In 2005, a rural Texas town north of Fort Worth changed its name to Dish, as part of an experimental marketing strategy with the Dish Network. While residents enjoy basic satellite TV service for free, not everyone in the town is happy with the presence of the major company in the small town, reports Manny Fernandez of The New York Times.

Dish, which has a population of 200, and no restaurant, convenience store or school, was originally named Clark when it was founded in 2000, writes Fernandez. Most residents use Justin as their mailing address. "Dish doesn’t exist, in my opinion,” said Scott Bonfoey, a new resident who has DirecTV. “My mailing address is Justin, my school district is Ponder. What’s Dish?”

The name change has not reaped many rewards for the residents. It "did not turn the town into a household name, like Truth or Consequences, N.M., which named itself after the radio quiz show in 1950," Fernandez writes. "Some residents have wondered how they have benefited from the 10-year arrangement."

“It’s not a very publicized item,” said Wester Draper, a town council member. “You tell people you live in Dish, Texas, and they’re like, ‘Where’s Dish, Texas?’ Initially trying to get the service turned on, if you call them up and tell them you live in Dish and you get free TV, they don’t believe you.”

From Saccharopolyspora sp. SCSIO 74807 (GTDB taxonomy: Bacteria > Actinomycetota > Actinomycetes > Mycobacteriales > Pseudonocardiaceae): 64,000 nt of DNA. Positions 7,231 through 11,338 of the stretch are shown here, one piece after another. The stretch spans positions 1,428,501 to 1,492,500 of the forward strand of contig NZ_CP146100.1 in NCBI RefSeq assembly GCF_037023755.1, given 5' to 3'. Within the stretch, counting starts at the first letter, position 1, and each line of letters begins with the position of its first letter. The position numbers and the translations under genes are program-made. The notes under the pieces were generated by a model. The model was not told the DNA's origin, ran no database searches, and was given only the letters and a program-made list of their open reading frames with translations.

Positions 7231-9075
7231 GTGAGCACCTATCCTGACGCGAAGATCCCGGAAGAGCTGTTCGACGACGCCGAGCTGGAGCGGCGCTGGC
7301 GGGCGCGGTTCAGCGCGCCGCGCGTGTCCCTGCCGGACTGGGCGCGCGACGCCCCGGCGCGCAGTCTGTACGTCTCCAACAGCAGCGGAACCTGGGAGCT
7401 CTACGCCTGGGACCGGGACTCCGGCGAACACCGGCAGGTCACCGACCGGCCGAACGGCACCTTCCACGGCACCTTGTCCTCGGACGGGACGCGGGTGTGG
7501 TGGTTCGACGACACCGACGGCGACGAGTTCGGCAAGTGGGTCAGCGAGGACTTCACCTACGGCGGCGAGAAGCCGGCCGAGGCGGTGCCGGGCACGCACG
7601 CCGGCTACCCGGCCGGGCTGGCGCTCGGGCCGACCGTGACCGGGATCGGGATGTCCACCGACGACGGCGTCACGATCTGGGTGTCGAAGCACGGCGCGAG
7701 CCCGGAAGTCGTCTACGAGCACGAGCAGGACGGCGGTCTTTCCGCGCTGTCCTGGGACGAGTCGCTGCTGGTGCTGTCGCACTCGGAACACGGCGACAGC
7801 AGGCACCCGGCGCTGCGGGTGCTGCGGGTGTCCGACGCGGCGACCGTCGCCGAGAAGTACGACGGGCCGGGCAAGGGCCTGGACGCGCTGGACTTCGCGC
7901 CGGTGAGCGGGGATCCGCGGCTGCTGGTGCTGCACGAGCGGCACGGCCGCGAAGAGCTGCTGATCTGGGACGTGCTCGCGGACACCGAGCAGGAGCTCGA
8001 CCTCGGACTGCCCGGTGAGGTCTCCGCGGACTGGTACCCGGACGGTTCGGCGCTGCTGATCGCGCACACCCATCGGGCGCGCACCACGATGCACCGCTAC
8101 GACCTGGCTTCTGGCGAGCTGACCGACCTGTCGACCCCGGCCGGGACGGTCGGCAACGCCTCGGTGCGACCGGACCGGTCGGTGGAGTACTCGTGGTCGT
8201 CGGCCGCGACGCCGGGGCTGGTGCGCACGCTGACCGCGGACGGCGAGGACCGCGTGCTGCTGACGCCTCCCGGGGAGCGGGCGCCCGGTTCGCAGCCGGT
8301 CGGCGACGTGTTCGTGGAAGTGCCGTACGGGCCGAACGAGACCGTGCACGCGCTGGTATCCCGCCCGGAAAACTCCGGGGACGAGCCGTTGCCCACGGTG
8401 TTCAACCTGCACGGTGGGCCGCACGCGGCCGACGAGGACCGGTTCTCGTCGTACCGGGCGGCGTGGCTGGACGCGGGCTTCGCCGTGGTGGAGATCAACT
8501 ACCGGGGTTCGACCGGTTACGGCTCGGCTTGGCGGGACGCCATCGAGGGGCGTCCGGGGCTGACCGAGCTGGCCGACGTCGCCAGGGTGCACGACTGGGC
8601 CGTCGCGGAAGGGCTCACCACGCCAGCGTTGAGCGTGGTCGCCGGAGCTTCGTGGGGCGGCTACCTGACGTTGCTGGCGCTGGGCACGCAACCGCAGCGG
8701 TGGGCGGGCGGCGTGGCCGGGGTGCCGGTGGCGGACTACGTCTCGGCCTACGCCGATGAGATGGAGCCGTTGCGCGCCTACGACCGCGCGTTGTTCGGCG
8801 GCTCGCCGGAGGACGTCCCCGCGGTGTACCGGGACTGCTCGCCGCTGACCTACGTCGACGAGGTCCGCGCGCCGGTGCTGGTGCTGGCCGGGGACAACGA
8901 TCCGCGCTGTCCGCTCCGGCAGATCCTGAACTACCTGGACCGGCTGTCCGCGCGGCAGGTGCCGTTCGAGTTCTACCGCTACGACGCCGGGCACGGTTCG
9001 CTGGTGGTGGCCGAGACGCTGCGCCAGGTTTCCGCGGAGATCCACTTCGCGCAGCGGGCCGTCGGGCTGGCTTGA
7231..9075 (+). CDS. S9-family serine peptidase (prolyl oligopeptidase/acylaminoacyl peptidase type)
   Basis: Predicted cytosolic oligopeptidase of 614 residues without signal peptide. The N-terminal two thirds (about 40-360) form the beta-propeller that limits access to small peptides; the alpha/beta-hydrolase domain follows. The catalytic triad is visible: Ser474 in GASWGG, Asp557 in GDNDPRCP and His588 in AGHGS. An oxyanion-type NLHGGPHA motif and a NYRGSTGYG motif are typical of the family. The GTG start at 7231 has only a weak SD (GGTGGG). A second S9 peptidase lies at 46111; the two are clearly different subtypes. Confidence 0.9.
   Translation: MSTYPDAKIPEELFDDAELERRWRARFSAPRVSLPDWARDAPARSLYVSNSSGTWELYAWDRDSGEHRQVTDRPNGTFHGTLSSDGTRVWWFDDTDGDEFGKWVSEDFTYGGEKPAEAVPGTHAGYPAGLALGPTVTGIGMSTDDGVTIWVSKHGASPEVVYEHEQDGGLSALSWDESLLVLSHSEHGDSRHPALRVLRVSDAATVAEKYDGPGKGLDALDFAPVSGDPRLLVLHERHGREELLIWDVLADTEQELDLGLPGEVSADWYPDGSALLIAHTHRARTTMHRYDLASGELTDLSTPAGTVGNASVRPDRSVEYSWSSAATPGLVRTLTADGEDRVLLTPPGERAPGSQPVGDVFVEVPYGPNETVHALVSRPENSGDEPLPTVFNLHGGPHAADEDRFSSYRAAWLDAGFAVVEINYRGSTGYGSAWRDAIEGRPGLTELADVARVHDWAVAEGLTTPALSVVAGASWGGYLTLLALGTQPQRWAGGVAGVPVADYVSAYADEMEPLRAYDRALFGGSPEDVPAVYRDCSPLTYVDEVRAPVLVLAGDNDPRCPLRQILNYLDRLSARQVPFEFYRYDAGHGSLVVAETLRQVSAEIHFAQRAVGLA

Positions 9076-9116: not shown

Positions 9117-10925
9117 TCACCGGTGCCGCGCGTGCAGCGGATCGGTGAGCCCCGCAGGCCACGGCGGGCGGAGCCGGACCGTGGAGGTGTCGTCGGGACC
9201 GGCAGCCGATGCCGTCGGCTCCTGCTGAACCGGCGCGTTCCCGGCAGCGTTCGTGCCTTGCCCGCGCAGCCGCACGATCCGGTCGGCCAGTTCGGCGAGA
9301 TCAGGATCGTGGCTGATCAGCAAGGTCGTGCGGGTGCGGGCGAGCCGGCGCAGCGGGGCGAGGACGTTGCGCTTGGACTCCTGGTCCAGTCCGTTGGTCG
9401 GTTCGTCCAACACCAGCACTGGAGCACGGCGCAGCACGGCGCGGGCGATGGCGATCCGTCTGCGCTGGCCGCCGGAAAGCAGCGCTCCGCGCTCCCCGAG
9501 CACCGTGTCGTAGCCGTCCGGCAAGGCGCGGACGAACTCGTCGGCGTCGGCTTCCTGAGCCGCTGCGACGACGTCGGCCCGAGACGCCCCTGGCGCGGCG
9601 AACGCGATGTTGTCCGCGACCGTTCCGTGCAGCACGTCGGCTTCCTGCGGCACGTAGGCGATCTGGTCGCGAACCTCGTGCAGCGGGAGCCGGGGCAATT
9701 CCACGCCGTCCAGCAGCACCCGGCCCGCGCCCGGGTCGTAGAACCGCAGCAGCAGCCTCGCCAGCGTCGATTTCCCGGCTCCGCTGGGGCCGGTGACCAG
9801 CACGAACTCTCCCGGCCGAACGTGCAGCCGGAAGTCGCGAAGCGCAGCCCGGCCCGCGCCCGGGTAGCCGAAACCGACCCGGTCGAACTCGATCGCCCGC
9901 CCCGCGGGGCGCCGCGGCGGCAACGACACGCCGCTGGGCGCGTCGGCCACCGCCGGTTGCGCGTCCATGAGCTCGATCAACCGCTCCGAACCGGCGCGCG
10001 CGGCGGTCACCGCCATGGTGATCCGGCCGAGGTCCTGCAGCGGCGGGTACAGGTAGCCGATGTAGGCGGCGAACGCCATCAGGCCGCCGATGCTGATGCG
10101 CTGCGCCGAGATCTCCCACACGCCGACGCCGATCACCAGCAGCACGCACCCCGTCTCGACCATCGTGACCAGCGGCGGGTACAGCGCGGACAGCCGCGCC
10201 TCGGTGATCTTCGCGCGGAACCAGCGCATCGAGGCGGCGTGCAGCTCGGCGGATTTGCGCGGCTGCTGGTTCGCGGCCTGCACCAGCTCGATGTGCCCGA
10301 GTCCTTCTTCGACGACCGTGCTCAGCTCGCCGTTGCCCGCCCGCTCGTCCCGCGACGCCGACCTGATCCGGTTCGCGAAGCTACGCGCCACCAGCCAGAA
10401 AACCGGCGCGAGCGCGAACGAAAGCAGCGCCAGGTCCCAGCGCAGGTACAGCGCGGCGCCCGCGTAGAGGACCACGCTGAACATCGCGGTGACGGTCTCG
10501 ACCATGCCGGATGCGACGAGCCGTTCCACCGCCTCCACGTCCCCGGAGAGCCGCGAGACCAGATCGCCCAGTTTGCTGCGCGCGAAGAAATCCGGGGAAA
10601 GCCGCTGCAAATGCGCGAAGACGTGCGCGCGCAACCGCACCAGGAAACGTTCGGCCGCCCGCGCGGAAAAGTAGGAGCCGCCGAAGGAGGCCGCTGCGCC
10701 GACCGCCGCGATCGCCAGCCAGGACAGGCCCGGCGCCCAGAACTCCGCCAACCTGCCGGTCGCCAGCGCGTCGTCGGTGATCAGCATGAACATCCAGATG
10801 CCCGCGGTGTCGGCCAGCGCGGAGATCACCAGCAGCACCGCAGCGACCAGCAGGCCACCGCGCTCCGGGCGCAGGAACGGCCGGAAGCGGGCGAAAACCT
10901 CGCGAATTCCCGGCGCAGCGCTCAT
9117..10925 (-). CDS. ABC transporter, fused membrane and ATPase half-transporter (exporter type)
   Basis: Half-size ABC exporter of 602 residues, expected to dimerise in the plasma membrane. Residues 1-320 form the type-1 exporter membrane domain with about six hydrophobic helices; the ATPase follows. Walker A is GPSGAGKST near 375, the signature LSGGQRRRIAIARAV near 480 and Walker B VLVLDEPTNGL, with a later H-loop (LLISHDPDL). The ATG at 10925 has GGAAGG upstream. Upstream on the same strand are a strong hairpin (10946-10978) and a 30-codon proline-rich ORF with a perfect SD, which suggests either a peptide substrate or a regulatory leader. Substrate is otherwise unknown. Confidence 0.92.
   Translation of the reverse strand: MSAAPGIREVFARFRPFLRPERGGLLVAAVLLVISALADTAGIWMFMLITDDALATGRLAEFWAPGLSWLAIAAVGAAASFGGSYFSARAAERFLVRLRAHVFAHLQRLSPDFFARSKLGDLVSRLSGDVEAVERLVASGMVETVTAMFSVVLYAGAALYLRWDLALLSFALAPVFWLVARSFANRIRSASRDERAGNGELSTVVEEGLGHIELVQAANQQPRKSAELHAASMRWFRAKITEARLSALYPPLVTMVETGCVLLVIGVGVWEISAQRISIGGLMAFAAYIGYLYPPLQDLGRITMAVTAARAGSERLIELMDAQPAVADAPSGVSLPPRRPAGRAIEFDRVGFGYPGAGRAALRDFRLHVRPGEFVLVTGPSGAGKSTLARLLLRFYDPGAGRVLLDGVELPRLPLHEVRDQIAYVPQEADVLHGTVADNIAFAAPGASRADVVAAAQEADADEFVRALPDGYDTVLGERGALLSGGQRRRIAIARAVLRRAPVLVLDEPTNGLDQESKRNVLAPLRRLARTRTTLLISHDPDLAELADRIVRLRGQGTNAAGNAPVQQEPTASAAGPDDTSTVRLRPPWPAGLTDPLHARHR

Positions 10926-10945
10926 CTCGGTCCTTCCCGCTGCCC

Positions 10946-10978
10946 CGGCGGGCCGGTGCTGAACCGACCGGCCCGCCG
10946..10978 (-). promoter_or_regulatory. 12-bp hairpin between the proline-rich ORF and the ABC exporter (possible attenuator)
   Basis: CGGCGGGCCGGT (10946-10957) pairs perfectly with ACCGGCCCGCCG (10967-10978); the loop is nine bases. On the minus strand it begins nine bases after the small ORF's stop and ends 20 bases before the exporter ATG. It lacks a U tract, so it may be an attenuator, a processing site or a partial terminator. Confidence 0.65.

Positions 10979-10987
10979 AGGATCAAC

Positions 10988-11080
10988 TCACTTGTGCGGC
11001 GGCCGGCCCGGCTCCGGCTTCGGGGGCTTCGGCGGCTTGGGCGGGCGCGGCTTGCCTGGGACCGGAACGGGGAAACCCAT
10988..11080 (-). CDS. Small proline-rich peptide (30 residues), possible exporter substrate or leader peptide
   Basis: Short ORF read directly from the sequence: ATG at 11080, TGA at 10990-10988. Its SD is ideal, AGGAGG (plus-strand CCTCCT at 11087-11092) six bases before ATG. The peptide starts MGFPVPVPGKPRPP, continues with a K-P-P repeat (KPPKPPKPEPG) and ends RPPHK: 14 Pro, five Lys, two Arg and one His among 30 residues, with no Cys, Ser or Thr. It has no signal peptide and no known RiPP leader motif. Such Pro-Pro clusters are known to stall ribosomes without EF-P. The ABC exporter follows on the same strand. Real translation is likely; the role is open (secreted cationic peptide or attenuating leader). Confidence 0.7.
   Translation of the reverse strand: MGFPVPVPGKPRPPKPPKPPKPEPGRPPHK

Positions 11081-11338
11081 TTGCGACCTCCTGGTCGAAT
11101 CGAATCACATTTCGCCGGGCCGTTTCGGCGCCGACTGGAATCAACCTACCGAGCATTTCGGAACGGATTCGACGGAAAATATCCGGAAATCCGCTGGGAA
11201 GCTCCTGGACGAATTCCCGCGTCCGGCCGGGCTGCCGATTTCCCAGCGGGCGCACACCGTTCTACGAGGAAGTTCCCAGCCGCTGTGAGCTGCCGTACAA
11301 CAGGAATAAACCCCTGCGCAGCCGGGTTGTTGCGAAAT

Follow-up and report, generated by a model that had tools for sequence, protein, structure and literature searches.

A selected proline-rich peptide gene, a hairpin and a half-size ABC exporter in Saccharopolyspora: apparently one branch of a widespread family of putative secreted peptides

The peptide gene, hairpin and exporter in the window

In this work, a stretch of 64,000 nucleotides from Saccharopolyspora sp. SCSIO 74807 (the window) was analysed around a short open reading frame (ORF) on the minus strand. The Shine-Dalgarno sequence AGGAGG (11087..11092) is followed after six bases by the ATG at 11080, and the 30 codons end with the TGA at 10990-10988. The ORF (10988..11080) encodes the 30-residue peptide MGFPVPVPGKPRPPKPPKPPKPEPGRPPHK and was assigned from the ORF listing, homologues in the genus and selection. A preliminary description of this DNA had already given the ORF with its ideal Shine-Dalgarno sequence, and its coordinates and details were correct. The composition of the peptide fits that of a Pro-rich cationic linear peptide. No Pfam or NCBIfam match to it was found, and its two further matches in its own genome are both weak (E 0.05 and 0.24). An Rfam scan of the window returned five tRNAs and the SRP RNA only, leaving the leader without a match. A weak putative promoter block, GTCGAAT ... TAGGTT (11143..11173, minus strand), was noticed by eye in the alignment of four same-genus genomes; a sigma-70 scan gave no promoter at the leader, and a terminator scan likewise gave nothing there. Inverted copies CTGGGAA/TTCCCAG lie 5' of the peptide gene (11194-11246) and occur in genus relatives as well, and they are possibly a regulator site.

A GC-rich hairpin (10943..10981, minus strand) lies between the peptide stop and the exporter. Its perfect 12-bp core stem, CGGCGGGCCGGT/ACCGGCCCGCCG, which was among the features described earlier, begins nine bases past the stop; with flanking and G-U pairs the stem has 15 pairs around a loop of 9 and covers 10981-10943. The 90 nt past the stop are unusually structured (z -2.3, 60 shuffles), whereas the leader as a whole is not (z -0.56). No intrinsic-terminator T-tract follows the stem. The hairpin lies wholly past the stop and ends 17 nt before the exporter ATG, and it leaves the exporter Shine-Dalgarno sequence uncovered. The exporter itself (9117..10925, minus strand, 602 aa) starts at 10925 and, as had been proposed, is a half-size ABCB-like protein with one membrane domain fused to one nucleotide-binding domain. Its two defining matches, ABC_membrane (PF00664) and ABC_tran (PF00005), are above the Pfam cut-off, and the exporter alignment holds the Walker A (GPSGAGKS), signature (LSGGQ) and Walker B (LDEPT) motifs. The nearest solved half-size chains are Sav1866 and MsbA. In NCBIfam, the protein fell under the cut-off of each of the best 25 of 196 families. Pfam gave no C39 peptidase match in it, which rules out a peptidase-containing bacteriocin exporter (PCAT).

The agreement expires in 2015, and though the mayor said he supports extending the deal, the town commissioners are in favor of changing the name back to Clark. (Read more)

Monday, March 25, 2013

Big Meat and Monsanto got what they wanted from Congress; small farmers did not

"The meatpackers and Monsanto" seem to "hold Congress these days when it comes to farm policy," David Rogers writes for Politico after picking apart the continuing budget resolution passed to keep the government running through September.

We've written about the packers winning an amendment to avoid plant-closing furloughs of Department of Agriculture meat inspectors, but not about their other victories, as Rogers describes them: denying funds "for implementing reforms sought in the 2008 Farm Bill to provide greater protection for less powerful ranchers and farmers who raise the animals," and "to proceed with rules favored by Western cow-calf operations in their battle with beef packers."